We hear People say , That Art moved me, and at times we hear – I couldn’t move!!
Trance like experiences happen to religious people in churches and temples, or to nature lovers, or to scientists going crazy over Dinosaurs. Or a musician practicing his octave, or to music lovers crying over it.
Although in my minds eye, I have been overwhelmed with ‘Thinking man'( Auguste Rodin) and the ‘Pieta'( Michelangelo, Vatican city) but it happened when I first laid eyes on the Duomo in Milan. Grotesquely shocking, the ivory tips merging into the waxen sky, I had to sit on a bench to recover, feeling dizzy and exhausted, at one point thinking I might pass out. I didn’t want to take my eyes away, till it was time to leave; thoughts tumbled, I felt I needed an alone corner aside to write maybe. The reserved time came up much later that night, but I couldn’t put my thoughts to pen, the roving mind wouldn’t settle.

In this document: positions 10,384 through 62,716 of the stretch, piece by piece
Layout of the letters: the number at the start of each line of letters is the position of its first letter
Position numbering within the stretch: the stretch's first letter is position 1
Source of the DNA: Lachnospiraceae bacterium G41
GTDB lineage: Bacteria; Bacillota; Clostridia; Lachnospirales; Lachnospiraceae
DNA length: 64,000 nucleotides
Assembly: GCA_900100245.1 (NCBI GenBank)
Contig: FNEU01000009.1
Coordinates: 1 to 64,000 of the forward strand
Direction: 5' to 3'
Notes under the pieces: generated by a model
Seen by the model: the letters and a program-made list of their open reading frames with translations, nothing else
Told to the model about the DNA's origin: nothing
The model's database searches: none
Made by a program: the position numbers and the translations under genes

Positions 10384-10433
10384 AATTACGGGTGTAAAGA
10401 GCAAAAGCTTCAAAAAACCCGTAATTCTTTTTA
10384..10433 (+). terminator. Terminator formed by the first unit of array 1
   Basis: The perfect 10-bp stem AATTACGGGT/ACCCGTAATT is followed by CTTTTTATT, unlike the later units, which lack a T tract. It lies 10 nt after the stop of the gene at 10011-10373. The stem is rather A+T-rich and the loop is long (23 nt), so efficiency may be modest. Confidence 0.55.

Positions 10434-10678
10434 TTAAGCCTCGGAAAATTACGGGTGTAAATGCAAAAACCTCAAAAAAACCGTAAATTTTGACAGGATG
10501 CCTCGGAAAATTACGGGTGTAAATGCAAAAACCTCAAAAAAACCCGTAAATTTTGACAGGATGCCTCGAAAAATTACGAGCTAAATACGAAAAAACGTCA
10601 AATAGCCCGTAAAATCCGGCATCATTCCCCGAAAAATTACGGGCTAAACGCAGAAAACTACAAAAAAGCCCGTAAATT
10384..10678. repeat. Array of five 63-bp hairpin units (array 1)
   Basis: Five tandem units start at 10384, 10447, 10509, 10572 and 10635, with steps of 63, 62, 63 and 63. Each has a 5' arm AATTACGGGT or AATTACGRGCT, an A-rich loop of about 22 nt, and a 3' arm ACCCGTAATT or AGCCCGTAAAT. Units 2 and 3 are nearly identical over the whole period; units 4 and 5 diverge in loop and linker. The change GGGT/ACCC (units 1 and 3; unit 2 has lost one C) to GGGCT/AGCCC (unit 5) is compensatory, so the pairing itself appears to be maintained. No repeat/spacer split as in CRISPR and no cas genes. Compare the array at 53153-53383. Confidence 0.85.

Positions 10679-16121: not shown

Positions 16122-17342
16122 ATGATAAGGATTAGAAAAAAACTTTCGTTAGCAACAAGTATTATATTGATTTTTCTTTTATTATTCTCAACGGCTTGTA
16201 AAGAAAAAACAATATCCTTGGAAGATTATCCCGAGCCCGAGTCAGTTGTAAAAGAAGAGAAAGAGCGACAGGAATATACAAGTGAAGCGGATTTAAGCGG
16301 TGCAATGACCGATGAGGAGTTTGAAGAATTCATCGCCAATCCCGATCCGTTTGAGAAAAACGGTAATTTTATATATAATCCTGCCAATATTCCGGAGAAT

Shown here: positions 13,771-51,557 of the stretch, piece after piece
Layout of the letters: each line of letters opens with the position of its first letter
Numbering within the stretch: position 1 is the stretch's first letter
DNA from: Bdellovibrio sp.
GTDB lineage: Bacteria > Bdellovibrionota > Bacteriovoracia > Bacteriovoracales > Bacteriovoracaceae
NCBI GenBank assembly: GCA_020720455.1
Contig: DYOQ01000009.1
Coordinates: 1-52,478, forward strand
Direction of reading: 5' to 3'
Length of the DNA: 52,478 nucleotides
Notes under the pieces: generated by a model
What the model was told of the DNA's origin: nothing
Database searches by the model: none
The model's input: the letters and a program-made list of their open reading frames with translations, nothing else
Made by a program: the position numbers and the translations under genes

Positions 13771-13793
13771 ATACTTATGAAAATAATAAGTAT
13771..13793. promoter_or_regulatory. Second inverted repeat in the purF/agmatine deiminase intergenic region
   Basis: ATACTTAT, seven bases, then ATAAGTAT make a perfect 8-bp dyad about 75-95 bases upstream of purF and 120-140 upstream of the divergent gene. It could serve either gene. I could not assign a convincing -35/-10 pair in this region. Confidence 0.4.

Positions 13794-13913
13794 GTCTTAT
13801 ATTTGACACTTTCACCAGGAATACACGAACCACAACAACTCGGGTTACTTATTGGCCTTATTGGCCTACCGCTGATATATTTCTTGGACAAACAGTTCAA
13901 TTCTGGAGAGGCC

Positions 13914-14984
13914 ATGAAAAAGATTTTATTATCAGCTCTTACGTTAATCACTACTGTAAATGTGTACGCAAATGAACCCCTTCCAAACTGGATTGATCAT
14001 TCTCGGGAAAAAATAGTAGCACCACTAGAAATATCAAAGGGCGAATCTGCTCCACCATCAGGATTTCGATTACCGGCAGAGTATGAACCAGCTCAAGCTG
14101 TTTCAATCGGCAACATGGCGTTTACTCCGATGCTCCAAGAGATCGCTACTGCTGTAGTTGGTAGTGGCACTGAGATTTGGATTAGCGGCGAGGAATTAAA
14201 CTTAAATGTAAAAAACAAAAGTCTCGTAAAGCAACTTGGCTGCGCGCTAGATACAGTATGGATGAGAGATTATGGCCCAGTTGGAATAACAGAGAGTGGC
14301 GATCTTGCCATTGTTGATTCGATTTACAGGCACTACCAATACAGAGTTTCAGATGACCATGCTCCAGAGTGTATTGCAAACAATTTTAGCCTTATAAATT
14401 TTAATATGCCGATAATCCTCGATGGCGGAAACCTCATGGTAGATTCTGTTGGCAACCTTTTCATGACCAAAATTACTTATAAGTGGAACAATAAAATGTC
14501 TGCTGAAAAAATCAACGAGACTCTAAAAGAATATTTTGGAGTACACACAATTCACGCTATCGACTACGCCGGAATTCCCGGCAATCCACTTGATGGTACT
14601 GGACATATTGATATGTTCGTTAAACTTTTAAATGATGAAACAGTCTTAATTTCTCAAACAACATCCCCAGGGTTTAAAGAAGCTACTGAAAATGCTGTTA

The condition was first described in 1979 by the Italian psychiatrist, Gaziella Magherini, after studying more than 100 cases among visitors to the Uffizi in Florence. A concentration of particularly beautiful art can cause rapid heartbeat, dizziness, confusion and even hallucinations. It’s named after the 19th century French author, Stendhal, who described the experience in his 1817 book, Rome, Naples, and Florence: A Journey from Milan to Reggio.
I have also experienced similar feelings while having certain poetry read aloud.